Benford’s Law

Kevin Feasel

2016-10-31

Data, R

Tomaz Kastrun is starting a series on fraud analysis and starts with Benford’s Law:

One of the samples Microsoft provided with release of new SQL Server 2016 was using simple logic of Benford’s law. This law works great with naturally occurring numbers and can be applied across any kind of problem. By naturally occurring, it is meant a number that is not generated generically such as a page number in a book, incremented number in your SQL Table, sequence number of any kind, but numbers that are occurring irrespective from each other, in nature (length or width of trees, mountains, rivers), length of the roads in the cities, addresses in your home town, city/country populations, etc. The law calculates the log distribution of numbers from 1 to 9 and stipulates that number one will occur 30% of times, number two will occur 17% of time, number three will occur 12% of the time and so on. Randomly generated numbers will most certainly generate distribution for each number from 1 to 9 with probability of 1/9. It might also not work with restrictions; for example height expressed in inches will surely not produce Benford function. My height is 188 which is 74 inches or 6ft2. All three numbers will not generate correct distribution, even though height is natural phenomena.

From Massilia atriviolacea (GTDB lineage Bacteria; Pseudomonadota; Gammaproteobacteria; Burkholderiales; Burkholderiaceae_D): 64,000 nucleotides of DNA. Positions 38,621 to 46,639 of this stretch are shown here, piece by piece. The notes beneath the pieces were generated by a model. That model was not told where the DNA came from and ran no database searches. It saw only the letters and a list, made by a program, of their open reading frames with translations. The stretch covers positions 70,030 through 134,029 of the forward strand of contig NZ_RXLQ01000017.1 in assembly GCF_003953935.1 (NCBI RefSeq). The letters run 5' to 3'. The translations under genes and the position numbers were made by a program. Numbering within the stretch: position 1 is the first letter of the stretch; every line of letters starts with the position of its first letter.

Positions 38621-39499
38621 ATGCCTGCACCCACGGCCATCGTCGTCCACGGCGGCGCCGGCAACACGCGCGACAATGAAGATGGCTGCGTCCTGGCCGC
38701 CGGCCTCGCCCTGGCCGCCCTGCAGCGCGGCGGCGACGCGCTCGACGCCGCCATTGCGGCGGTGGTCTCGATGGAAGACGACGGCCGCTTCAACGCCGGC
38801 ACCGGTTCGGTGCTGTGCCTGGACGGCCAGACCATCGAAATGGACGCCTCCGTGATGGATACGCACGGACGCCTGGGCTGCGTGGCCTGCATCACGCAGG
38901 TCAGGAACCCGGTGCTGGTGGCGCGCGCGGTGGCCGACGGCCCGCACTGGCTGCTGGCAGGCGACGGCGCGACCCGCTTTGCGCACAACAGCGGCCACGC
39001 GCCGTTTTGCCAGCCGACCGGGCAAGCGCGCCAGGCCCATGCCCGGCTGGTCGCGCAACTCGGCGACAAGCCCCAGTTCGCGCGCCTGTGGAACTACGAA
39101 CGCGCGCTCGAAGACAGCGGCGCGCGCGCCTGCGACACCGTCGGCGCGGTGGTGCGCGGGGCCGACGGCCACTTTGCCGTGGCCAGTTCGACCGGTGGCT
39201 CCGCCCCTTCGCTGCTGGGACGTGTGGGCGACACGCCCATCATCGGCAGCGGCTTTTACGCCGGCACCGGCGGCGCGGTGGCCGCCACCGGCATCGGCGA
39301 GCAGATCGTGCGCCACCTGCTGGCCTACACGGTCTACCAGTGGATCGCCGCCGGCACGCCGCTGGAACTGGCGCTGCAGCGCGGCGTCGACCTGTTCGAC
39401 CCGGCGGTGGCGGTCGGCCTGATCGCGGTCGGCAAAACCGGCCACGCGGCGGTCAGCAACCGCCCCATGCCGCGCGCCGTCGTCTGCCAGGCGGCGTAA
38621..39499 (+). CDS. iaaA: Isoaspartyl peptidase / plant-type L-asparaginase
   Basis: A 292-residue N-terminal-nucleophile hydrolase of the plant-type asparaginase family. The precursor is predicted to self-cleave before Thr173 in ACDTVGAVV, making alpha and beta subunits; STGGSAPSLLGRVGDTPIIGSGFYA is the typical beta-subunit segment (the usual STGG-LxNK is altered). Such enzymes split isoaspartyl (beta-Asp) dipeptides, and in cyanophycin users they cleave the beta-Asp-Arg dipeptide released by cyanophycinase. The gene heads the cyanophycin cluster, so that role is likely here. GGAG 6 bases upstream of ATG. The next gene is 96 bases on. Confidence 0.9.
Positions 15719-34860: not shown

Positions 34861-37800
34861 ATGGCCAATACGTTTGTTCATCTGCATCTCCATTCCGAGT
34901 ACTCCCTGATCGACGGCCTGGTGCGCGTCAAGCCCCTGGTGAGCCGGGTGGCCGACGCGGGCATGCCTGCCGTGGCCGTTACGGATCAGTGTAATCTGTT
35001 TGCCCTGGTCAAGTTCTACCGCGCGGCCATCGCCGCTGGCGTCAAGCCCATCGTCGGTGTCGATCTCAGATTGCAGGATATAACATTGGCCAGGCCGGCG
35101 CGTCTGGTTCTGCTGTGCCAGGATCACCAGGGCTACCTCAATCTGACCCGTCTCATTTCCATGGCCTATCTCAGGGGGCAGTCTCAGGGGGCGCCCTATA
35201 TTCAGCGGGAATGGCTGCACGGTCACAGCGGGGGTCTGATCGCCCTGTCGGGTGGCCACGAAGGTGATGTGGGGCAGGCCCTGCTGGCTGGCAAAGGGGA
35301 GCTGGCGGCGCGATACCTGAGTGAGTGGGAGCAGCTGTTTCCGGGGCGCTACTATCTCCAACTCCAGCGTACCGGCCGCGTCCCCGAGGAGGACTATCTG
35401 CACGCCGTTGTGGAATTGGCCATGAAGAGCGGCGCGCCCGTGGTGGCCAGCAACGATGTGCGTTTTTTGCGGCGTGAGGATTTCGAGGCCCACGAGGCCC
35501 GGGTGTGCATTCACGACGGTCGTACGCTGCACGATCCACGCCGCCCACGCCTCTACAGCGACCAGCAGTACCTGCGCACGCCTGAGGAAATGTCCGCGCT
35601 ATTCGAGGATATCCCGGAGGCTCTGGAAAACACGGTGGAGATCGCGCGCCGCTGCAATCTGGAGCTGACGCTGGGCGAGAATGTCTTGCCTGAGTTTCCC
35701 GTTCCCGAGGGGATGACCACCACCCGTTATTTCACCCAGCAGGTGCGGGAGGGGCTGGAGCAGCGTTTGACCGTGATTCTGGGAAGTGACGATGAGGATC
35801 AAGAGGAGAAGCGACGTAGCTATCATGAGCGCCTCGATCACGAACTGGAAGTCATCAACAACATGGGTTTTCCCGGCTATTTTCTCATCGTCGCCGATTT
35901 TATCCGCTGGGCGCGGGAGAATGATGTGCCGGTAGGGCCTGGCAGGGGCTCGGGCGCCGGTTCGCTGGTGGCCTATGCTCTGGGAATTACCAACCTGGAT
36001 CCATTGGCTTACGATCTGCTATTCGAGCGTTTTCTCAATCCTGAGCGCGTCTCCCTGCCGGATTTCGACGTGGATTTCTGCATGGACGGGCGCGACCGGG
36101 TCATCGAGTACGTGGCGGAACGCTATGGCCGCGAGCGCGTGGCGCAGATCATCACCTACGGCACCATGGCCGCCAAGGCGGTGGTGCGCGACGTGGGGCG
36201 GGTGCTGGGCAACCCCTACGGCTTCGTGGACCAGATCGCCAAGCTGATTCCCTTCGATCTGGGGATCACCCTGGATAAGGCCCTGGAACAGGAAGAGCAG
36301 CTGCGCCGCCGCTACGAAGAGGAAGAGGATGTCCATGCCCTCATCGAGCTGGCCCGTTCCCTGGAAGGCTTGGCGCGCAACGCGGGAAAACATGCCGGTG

Tomaz includes SQL Server R Services code, so check it out.

Related Posts

Plotting ML Results In R

Bernardo Lares shows off the plots he creates in R to compare ML models: Split and compare quantiles This parameter is the easiest to sell to the C-level guys. “Did you know that with this model, if we chop the worst 20% of leads we would have avoided 60% of the frauds and only lose […]

Read More

Scatterplots For Multivariate Analysis

Neil Saunders declutters a complicated visual with a simple scatterplot: Sydney’s congestion at ‘tipping point’ blares the headline and to illustrate, an interactive chart with bars for city population densities, points for commute times and of course, dual-axes. Yuck. OK, I guess it does show that Sydney is one of three cities that are low density, […]

Read More

Categories

October 2016
MTWTFSS
« Sep Nov »
 12
3456789
10111213141516
17181920212223
24252627282930
31